More wartime pub fun

Even as late as 1944, pubs were still struggling to obtain sufficient supplies of beer. Quite naturally, pubs were reluctant to open if they had nothing to sell.

Heating and lighting weren't free, with both coal and electricity being expensive. Not to mention wages for staff. The licensing authorities didn't always agree. Some threatening to remove licences on the grounds of redundancy, arguing if pubs which didn't open the full hours were surplus to requirements.


Captain A. J. Dyer, at meeting of the Licensed Victuallers Central Protection Society of London, to-day answered complaints about the closing of public houses during permitted hours owing to shortage of supplies. 

It was right to assume, he said, that the tenants would certainly keep their houses open if they thought that there was any business to done. 

It was surprising that the very people who had complained in the past if a public house was open two or three minutes after time were those who now railed if the houses were not open all the hours permitted. 

While a licensee could not demand to see young people’s identity cards he could ask for them to be produced, and if they would not show the cards the implications would be that they were not 18 and should therefore be refused alcohol. 

He had seen the Chancellor of the Exchequer on the subject of reducing liquor taxation. They were paying License Duty to sell commodities which they were unable to obtain to pass on to the public. Members of the Trade could feel satisfied that they had in no small way contributed to maintaining the morale of the British people. 

The Chief Constable of Oxford, Mr. C. R. Pox, reported to Oxford Licensing Sessions to-day that, owing to shortage of supplies, arrangement was made for public-houses to remain open for two hours in the morning and two hours at night, instead of the usual hours. 

Commenting on those licensees said not to be playing the game, the chairman, Mr. D. M. Rose, said that if this continued the magistrates would take drastic action."
Birmingham Mail - Wednesday 09 February 1944, page 4.

The bit about ID cards and underage drinking seems a bit random. The war was one of the few times most people in the UK had photo ID. When I was a teenager, there was no document that they could have asked to see to prove my age. Just as well, or I may have struggles to ever buy a pint. Odd that landlords couldn't demand to see ID. Pretty sure that they can now.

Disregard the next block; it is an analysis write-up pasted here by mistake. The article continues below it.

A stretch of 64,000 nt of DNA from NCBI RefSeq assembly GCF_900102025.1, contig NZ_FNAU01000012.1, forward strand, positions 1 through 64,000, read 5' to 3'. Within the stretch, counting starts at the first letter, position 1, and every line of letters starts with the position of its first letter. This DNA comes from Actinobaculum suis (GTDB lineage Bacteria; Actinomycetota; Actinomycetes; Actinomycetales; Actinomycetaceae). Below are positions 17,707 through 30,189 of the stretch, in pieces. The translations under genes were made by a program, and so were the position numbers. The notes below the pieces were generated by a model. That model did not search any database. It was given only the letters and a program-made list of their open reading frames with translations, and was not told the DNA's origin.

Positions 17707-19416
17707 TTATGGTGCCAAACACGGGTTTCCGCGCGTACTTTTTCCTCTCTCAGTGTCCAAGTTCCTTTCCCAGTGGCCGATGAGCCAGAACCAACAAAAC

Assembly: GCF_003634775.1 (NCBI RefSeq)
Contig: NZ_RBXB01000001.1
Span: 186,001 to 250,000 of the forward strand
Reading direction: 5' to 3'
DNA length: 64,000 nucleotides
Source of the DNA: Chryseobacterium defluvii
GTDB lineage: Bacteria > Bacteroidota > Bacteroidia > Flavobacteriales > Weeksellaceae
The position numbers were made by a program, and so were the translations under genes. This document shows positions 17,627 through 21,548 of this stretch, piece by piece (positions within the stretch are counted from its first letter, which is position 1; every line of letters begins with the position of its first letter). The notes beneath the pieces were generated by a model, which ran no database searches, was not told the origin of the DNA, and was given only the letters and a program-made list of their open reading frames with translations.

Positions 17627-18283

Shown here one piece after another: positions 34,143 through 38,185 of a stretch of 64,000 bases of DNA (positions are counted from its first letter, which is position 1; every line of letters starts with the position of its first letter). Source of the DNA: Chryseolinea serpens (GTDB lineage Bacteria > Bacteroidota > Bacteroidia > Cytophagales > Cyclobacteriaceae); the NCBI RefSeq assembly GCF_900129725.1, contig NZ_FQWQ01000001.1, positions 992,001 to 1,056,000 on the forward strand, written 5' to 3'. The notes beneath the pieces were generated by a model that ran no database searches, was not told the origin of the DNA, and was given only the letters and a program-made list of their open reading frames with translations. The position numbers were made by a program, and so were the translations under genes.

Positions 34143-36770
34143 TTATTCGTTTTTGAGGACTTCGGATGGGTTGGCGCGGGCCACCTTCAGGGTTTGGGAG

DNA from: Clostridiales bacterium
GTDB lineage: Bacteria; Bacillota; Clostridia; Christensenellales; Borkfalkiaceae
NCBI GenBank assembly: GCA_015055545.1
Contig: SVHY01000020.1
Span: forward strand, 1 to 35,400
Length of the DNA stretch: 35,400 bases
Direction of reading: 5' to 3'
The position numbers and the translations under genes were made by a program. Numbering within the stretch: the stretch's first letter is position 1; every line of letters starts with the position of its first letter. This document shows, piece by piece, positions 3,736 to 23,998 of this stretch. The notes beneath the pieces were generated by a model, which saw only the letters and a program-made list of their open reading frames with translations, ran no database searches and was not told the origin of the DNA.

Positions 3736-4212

Underage drinking wasn't very common before WW II. But with full youth employment and high wages, teenagers had more disposable income than during peacetime and this seems to have encouraged youths to enter pubs.

As this young man did:

"Under Age In Public House
A charge of purchasing beer for himself in a public house being at the time under 18 years of age, was preferred at Maesteg Police Court on Monday against David E. Rees, 5 Grove Street, Nantyffyllon. 

P.C. Harding stated that at 9.50 p.m., February 25th he entered the "Farmers' Arms," Maesteg, where he saw the defendant in the singing room with a pint measure containing beer in front of him. Witness asked him to produce his identity card which he did and which revealed that he was only 17 years and 4 month, old. The licensee's' daughter then came up to them and asked the defendant why he told her he was 18.5 and he replied "I told you I was over 18." It was stated to he the defendant's first offence and he was ordered to pay costs, no conviction being recorded.
Glamorgan Gazette - Friday 24 March 1944, page 4.

I've never heard of a "singing room" before. Sounds like fun. 4 shillings costs and no conviction is really just a slap on the wrist.

The Farmers' Arms no longer exists, sadly. Unless it's changed it's name.

Source: barclayperkins

More wartime pub fun